There would be financial advisory implications here as well, as a split Congress could lower the chances of new legislation banning items like back-door Roth IRAs, capping of ‘mega-IRA’ balances (and requiring withdrawals of excess accumulations), etc. However, there is still two-party support for some initiatives to plug policy loopholes and raise tax revenue, so all may not be dead. There has been broad support for strengthening retirement savings, whether that translates into higher contribution limits or product adjustments. More critical and controversial items like entitlement reform remain a ‘third rail’, so do not appear on the front burner at this point. The greatest two-party support continues to exist in areas of domestic reshoring (semiconductors and other manufacturing) and other domestic supply initiatives in response to shortages seen during the pandemic. A continued tough stance on China has also been supported by both sides of the aisle, in one of the rare areas of bipartisan agreement.
As an example of the sense of post-election relief investors have felt historically, JPMorgan compiled data for the immediate 200 trading days around mid-term elections over the last 40 years. About half of the 100-day periods before Election Day were flattish or negative, while 9 out of 10 100-day stretches afterward have been positive. This is only based on history, of course, and future results are never assumed. Most importantly, though, it points to how politics (and most other new) has little bearing on longer-term financial market outcomes. More important fundamental drivers are interest rates (for bonds) and earnings growth (for stocks).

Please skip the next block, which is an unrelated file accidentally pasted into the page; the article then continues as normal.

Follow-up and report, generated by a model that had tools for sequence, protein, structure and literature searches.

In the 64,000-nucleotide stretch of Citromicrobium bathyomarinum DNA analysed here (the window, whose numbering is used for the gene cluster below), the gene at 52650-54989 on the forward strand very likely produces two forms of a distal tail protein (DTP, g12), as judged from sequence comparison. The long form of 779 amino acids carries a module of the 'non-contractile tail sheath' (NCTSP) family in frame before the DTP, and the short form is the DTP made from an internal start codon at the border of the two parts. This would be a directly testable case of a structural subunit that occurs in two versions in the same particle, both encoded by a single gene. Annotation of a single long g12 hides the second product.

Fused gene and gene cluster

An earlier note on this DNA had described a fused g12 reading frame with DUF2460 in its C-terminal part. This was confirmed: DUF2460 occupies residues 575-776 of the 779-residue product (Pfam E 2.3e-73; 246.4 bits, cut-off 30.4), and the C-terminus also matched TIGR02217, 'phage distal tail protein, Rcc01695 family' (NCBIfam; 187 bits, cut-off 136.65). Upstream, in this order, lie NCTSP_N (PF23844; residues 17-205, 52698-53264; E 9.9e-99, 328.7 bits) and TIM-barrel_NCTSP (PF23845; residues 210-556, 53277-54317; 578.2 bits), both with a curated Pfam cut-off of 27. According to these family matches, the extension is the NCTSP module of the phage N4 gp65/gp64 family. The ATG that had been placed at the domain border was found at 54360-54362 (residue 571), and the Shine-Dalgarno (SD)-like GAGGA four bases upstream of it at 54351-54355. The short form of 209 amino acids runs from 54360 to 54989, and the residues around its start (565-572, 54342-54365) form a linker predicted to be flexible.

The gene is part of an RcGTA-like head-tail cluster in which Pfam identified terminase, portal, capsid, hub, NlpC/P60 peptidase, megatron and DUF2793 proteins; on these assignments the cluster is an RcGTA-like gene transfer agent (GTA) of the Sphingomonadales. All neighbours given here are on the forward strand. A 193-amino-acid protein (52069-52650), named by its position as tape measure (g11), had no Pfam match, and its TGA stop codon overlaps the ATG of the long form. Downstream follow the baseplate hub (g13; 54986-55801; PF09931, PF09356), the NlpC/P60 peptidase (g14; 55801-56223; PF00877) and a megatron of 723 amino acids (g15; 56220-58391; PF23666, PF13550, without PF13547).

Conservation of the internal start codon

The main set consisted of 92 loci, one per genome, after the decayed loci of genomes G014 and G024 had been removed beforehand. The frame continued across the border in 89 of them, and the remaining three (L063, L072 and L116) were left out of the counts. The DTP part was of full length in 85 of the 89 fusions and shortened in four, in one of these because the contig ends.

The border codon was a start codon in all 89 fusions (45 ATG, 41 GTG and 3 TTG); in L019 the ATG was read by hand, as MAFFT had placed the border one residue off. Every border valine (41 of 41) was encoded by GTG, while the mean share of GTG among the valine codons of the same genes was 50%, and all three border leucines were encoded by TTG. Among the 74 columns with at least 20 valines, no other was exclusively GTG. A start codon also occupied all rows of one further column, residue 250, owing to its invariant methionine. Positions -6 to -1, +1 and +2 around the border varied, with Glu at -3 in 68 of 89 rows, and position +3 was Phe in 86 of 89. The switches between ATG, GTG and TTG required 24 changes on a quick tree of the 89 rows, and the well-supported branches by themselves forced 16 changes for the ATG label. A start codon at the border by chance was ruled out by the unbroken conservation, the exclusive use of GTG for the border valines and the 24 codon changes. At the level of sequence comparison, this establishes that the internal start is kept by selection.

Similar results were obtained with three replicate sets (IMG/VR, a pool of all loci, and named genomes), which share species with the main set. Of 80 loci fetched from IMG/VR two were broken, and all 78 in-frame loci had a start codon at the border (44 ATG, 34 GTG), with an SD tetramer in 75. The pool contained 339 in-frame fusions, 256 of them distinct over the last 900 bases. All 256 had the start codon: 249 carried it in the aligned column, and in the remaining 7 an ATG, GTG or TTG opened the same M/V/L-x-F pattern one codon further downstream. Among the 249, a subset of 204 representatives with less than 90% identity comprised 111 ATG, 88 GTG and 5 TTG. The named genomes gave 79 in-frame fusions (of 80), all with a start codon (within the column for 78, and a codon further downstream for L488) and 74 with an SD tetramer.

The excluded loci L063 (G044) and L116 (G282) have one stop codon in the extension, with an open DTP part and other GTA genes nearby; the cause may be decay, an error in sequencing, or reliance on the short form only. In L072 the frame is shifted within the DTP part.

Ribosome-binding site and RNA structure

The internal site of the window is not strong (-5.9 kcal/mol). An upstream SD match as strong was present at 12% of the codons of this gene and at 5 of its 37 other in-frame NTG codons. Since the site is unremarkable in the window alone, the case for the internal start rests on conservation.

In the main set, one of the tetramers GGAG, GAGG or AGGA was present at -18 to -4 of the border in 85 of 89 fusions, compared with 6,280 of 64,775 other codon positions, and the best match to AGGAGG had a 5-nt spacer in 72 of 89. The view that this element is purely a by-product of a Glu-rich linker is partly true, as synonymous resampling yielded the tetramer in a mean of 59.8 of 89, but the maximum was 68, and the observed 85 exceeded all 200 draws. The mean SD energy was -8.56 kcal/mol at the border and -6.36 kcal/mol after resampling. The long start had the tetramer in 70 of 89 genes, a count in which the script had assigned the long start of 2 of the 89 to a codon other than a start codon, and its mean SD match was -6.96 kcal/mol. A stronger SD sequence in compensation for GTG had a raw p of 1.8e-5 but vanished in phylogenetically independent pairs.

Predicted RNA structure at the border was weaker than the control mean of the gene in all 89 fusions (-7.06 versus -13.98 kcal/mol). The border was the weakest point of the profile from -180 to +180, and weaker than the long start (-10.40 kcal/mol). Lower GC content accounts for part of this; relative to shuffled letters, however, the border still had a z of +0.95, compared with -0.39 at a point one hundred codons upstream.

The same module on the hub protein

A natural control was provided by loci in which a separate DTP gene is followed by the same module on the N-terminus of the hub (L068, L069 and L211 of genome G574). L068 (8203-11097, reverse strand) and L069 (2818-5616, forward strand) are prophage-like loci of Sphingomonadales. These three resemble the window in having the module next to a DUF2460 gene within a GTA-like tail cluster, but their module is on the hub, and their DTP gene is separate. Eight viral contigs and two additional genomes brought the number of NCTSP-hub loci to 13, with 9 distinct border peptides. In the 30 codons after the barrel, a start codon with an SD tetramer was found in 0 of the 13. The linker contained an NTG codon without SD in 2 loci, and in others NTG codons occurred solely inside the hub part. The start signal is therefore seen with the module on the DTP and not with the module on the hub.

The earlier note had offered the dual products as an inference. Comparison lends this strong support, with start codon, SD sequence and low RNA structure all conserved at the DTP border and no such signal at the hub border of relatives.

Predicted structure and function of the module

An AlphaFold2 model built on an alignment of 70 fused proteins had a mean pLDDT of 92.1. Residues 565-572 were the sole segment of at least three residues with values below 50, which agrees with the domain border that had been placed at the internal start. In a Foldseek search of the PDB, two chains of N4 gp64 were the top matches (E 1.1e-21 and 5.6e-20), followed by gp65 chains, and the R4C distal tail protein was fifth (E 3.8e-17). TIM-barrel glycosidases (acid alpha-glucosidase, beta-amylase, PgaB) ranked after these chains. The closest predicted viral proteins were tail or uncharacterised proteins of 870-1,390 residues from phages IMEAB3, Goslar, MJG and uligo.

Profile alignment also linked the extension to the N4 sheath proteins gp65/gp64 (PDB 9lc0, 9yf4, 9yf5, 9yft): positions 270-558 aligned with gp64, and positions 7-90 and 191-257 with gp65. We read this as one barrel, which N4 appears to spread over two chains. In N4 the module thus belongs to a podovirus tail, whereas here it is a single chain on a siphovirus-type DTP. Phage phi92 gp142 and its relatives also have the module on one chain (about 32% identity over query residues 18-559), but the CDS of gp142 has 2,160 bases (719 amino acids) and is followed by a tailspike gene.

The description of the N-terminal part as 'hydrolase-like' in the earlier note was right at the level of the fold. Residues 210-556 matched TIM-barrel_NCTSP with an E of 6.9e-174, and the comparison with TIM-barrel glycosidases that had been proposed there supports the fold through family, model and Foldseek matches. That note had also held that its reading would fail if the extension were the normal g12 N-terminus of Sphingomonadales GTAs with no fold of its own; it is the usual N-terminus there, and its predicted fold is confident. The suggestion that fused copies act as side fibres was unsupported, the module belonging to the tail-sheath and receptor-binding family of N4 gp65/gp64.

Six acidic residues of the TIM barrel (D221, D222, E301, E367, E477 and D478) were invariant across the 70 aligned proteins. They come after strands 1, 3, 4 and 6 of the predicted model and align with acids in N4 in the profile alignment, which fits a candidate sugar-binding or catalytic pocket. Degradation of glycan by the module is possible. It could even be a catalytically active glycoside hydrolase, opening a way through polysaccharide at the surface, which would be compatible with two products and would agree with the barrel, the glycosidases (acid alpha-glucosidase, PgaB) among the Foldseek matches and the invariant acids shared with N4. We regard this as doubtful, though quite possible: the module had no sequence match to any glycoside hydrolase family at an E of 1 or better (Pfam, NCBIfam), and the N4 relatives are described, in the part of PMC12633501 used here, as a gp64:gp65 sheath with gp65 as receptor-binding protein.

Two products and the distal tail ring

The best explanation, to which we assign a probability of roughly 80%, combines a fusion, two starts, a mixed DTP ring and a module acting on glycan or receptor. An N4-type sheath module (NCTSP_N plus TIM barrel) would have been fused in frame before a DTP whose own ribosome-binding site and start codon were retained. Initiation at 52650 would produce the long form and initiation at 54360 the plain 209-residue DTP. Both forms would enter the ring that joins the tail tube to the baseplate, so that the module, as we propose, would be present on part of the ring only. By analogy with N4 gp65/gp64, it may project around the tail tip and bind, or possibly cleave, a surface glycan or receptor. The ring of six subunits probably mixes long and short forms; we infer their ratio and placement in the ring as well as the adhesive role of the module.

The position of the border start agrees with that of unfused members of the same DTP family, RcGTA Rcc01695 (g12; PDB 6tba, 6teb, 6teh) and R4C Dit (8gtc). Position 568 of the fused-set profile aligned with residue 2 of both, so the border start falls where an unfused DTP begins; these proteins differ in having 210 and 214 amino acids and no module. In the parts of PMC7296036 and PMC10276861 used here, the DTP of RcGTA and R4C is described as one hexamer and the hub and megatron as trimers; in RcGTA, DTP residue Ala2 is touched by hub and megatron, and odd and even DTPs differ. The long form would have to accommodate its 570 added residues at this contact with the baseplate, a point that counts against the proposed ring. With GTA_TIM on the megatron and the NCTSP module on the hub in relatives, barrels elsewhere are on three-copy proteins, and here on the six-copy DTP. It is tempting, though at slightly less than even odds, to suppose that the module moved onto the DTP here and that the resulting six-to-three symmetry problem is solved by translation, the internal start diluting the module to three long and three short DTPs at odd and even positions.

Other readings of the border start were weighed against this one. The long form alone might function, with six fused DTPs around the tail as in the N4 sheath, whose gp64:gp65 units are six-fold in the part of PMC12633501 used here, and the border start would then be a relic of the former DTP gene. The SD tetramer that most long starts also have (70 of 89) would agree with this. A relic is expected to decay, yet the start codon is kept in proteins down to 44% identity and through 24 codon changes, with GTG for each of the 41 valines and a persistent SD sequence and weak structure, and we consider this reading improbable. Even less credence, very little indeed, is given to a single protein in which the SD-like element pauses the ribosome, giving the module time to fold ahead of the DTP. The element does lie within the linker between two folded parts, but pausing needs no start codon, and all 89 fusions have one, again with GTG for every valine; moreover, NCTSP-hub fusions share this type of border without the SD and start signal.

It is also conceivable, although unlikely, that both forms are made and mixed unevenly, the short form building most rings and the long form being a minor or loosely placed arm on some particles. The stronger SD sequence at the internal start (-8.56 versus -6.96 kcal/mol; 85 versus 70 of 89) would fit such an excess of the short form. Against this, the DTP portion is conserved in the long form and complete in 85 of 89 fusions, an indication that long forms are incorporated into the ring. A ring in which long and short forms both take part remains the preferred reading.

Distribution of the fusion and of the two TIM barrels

What to know about the markets:
U.S. stocks continued a volatile fall week, with inputs driven by Tuesday’s mid-term election results (which took some time to tabulate and with results not as conclusive for a divided government as some had hoped) and Thursday’s consumer price index reading, which showed some improvement downward on a trailing 12-month basis. These are two items that financial markets have been waiting for clarity on and better news about, with uncertainty always being closely tied to volatility. That the latter would fuel a positive market response was not a huge surprise. Additionally, and perhaps even more importantly, a member of the Fed noted that 4.5% might be an appropriate place for a pause in rate hikes, which goes along with the lower inflation reading. With the current fed funds rate at 3.75-4.00%, that’s not far away. The sharp Thursday gain was the best single day in over two years.
By sector, growth stocks saw a strong rebound last week, led by technology and communications, up 9-10% each. Speculation was the winning approach last week, with technology firms with no profits outperforming higher quality companies. Defensive sectors health care and utilities came in last, but still rose over a percent for the week. Real estate rallied by over 7% along with interest rates falling back.